More than 1,300 gray wolves were removed from the endangered species list in Idaho and Montana this spring following a costly federal restoration effort.
Hunting has been promoted as a way to keep the population of the fast-breeding species in check and reduce wolf attacks on livestock. Hunters in the two states have killed at least 48 wolves since Sept. 1.
However, all but two of the 11 wolves killed in Montana came from a small portion of the Absaroka-Beartooth Wilderness, along the northern border of Yellowstone. And at least four were from Yellowstone's Cottonwood Pack, including the group's breeding female.
Concerned about the heavily concentrated killing, state wildlife commissioners last week suspended hunting in the area.
On Tuesday, commissioners will consider a range of additional responses, from reallocating the season quota of 75 wolves to shutting down the hunting season in part of the state.
"We've missed the mark a little this first year," said Carolyn Sime, lead wolf biologist for Montana Fish, Wildlife and Parks. Shooting a wolf, particularly in some of the sparsely vegetated terrain around Yellowstone, proved easier than expected, she said.
The Absaroka-Beartooth was one of two remote "backcountry" areas of Montana where wolf hunting was allowed before the statewide season opening, set for Oct. 25.
Grazing is generally not allowed in the backcountry. That means the harvest of wolves there gives little help to ranchers suffering losses from wolf attacks. In addition, critics said the shootings could choke off the flow of young wolves leaving Yellowstone to establish packs outside the park.
"Yellowstone can't be a source for wolves to colonize other areas if they get blown away right at the boundary," said Norman Bishop, a former Yellowstone park ranger now on the board of the Wolf Recovery Foundation, an Idaho-based advocacy group.
Sime said that with wolves firmly established in many areas of Montana, Yellowstone's importance as a source of wolves had diminished.
There were 89 packs in Montana at the end of 2008, including 18 in the part of the state that borders Yellowstone.
"From a biological perspective, it's a non-issue," Sime said, noting the death of nine wolves was unlikely to hurt the overall population.
Environmentalists countered that the concentrated shootings in the Absaroka-Beartooth area showed the Idaho and Montana hunts were too hastily planned. They also decried the loss of wolves from the park, a wildlife haven where hunting is not allowed.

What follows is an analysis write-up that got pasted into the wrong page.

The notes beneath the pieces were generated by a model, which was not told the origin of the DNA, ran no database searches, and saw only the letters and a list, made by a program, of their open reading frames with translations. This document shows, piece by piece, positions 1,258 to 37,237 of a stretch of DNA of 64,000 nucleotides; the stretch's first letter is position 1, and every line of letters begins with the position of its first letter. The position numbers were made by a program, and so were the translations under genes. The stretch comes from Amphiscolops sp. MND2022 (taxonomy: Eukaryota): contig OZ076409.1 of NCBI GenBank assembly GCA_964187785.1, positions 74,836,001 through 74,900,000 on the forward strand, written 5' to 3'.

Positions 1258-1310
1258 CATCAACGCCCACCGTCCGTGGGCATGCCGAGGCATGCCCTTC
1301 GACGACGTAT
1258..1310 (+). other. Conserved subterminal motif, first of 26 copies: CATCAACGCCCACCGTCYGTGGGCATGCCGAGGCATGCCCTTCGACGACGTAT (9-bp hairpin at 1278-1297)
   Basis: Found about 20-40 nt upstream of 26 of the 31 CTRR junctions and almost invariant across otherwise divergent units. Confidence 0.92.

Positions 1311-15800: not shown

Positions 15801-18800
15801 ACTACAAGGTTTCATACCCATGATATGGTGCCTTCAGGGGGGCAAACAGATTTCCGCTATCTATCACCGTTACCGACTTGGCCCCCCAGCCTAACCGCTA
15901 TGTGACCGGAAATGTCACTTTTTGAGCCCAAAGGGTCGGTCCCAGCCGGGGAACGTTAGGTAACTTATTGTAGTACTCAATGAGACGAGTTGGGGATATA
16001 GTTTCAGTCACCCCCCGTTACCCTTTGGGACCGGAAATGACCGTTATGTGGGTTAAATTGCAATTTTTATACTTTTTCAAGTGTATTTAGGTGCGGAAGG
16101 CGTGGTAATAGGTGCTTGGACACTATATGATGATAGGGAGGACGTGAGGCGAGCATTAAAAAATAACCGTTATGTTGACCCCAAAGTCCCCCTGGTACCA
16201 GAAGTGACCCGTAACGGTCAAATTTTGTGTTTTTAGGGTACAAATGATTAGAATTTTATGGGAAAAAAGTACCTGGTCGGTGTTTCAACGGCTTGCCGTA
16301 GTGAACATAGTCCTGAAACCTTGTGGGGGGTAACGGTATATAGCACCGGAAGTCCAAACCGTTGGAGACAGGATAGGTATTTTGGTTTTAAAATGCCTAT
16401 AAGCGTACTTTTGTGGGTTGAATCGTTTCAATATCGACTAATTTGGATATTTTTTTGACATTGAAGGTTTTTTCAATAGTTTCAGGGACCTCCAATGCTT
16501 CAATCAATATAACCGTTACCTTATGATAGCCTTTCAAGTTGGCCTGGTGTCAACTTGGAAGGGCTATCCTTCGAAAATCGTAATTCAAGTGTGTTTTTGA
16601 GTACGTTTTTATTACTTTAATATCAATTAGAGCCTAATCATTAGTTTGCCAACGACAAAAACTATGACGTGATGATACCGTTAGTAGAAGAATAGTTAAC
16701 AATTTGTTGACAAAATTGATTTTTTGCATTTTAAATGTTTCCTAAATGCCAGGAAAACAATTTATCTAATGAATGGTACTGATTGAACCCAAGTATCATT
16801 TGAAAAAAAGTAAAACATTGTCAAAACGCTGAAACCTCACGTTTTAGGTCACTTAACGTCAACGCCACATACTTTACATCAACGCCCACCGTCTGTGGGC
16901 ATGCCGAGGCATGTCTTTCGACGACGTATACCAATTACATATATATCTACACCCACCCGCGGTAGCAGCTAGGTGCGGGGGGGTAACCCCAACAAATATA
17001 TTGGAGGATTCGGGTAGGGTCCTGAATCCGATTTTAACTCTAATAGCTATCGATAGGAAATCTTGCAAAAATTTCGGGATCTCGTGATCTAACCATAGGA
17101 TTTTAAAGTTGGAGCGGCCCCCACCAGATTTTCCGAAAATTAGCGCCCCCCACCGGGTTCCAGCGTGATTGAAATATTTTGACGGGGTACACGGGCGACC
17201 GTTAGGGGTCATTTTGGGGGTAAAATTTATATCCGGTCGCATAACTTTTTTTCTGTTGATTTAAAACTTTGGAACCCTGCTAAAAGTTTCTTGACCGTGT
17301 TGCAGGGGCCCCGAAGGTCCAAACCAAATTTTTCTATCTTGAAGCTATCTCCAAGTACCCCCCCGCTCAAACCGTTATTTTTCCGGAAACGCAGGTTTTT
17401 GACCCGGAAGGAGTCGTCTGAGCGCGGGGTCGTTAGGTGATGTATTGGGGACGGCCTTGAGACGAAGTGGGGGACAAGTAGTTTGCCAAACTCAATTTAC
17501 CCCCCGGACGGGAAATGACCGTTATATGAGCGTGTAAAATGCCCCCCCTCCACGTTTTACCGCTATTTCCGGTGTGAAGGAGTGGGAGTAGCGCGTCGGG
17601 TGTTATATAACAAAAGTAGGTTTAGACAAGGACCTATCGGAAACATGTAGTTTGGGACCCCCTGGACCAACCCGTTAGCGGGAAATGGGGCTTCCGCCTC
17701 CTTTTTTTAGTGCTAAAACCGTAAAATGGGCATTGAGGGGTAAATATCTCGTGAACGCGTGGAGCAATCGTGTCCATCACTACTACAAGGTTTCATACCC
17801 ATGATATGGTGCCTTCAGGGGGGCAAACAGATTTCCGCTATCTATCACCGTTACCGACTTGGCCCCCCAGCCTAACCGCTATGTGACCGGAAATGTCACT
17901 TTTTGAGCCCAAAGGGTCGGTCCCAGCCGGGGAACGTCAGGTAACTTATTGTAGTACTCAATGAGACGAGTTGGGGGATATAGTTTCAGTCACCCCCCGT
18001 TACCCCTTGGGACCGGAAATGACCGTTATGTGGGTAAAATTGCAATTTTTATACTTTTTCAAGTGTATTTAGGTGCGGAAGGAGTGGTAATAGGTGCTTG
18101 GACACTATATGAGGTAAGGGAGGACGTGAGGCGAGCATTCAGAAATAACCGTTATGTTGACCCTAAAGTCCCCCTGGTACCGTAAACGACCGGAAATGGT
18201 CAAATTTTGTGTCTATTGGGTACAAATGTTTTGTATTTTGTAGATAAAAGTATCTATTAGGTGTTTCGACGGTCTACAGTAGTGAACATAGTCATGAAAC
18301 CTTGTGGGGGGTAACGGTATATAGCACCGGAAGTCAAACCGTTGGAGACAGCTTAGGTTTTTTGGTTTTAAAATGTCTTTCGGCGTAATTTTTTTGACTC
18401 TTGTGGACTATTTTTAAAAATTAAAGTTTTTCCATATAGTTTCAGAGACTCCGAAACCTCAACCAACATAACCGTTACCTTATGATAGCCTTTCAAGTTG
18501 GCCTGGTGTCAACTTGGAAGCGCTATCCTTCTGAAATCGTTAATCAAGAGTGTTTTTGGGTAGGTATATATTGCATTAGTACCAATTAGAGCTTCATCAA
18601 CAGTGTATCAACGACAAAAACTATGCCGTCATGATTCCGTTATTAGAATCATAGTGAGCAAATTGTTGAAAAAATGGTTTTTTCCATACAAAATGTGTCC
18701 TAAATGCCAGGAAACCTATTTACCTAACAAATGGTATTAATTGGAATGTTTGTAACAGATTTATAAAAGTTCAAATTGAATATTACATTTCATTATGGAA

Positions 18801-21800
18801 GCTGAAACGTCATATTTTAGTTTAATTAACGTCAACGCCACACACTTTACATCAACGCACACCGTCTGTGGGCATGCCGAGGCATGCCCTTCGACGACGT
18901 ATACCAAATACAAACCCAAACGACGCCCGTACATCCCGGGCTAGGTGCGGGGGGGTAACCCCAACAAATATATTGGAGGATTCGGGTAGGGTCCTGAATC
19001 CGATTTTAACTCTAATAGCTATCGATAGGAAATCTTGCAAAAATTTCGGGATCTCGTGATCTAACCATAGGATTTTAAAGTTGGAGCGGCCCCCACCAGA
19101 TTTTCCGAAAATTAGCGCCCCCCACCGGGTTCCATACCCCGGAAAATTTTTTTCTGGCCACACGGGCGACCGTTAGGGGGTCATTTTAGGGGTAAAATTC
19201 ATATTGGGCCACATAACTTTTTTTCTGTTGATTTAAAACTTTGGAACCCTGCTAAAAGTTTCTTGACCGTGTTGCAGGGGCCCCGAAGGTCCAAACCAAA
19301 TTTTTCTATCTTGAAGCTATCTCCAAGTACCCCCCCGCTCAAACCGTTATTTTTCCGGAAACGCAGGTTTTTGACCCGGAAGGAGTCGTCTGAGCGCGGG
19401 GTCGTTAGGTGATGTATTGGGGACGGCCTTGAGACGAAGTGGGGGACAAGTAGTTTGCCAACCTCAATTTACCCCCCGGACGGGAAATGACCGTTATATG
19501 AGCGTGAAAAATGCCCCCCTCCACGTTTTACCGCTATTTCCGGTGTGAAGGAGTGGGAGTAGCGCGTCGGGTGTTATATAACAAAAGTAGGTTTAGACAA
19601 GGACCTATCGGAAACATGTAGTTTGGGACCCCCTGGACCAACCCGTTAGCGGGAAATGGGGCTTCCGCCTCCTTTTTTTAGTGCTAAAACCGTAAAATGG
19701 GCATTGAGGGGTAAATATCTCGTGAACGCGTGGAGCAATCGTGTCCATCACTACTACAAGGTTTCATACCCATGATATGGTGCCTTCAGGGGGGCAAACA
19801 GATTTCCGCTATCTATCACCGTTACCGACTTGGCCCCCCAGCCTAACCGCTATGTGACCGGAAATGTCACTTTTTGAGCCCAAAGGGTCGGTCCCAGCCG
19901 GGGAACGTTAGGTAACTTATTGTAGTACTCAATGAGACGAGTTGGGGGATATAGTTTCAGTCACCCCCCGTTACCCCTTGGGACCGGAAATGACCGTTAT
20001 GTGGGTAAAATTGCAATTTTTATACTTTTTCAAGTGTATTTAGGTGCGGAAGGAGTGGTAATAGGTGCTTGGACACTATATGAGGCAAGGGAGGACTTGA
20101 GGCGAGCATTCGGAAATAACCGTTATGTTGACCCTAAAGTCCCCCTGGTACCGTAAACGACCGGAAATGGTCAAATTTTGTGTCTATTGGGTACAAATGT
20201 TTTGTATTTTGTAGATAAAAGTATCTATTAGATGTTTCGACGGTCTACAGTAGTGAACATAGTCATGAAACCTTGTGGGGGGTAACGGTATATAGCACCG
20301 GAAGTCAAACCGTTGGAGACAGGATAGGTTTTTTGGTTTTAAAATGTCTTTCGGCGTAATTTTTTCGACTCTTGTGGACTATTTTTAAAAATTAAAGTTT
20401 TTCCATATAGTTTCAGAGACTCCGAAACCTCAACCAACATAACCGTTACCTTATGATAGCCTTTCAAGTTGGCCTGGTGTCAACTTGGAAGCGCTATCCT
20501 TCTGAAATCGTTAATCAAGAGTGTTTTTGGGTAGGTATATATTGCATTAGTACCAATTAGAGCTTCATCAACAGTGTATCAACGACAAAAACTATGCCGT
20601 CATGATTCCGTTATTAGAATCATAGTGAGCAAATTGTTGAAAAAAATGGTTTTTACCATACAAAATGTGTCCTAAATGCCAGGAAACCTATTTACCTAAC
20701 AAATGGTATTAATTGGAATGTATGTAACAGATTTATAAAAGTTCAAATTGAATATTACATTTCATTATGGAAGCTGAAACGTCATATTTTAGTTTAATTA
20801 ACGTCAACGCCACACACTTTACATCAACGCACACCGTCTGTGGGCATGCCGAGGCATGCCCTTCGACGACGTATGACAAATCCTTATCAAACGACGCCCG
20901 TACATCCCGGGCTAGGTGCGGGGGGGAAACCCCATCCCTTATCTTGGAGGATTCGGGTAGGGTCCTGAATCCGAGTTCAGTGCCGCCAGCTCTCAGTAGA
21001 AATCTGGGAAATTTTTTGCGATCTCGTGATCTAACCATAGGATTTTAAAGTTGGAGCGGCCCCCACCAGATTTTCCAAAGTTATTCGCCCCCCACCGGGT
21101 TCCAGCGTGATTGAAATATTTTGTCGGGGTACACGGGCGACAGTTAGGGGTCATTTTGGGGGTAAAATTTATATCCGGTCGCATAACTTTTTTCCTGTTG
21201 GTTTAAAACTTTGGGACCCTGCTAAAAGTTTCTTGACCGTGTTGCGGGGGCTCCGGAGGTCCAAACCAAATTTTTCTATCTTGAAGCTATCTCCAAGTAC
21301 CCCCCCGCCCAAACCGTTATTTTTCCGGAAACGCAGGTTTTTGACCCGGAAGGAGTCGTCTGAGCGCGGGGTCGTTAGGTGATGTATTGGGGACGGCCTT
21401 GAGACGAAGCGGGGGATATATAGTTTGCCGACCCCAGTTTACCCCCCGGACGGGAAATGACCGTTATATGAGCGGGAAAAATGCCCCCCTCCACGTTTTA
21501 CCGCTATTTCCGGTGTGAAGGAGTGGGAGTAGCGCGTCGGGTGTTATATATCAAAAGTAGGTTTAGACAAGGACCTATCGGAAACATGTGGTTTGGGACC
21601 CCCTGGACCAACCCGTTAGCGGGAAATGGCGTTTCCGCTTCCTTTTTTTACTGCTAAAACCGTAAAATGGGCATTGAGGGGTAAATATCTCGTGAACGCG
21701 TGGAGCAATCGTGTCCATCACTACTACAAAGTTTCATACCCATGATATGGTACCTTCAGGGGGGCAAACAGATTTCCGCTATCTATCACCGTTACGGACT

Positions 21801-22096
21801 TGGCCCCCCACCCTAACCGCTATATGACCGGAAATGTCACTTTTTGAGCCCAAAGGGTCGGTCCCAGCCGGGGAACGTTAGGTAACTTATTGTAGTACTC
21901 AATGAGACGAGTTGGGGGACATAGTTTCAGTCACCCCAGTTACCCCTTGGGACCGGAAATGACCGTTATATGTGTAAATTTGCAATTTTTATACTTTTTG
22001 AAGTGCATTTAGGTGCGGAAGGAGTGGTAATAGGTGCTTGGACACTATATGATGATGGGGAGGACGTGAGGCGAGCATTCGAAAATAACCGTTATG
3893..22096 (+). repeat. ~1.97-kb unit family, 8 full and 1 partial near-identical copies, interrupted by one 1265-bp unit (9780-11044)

Yellowstone was one of two areas where the animals were reintroduced beginning in 1995 after being absent across most of the Northern Rockies for decades.
In Idaho, which has about 800 wolves, wildlife officials said their hunt has gone more smoothly. Thirty-seven wolves had been killed in Idaho through Sunday, with the harvest spread across 11 of the state's 12 wolf-hunting zones.
Idaho has a quota of 220 wolves. Like Montana, the state also had an early season opening in some areas, although none bordering Yellowstone.
Bob Ream, a Montana wildlife commissioner from Helena who spent more than 20 years researching wolves, said in hindsight it was unwise for Montana to allow so many wolves to be killed on land adjacent to the park.
But because wolves breed so prolifically, expanding their numbers by as much as 30 percent a year, he said any harm done would be temporary.
"There's plenty of wolves to fill in for those nine, either from the park or other parts of the Absaroka-Beartooth," Ream said.
Any decision from commissioners on Tuesday will be set against the backdrop of a federal lawsuit that is challenging the removal of wolves from the endangered species list.
U.S. District Judge Donald Molloy last month allowed the hunting seasons in Idaho and Montana to go forward, rejecting an injunction requested by environmentalists. But Molloy also said the environmentalists were likely to ultimately prevail, leaving future hunts in doubt.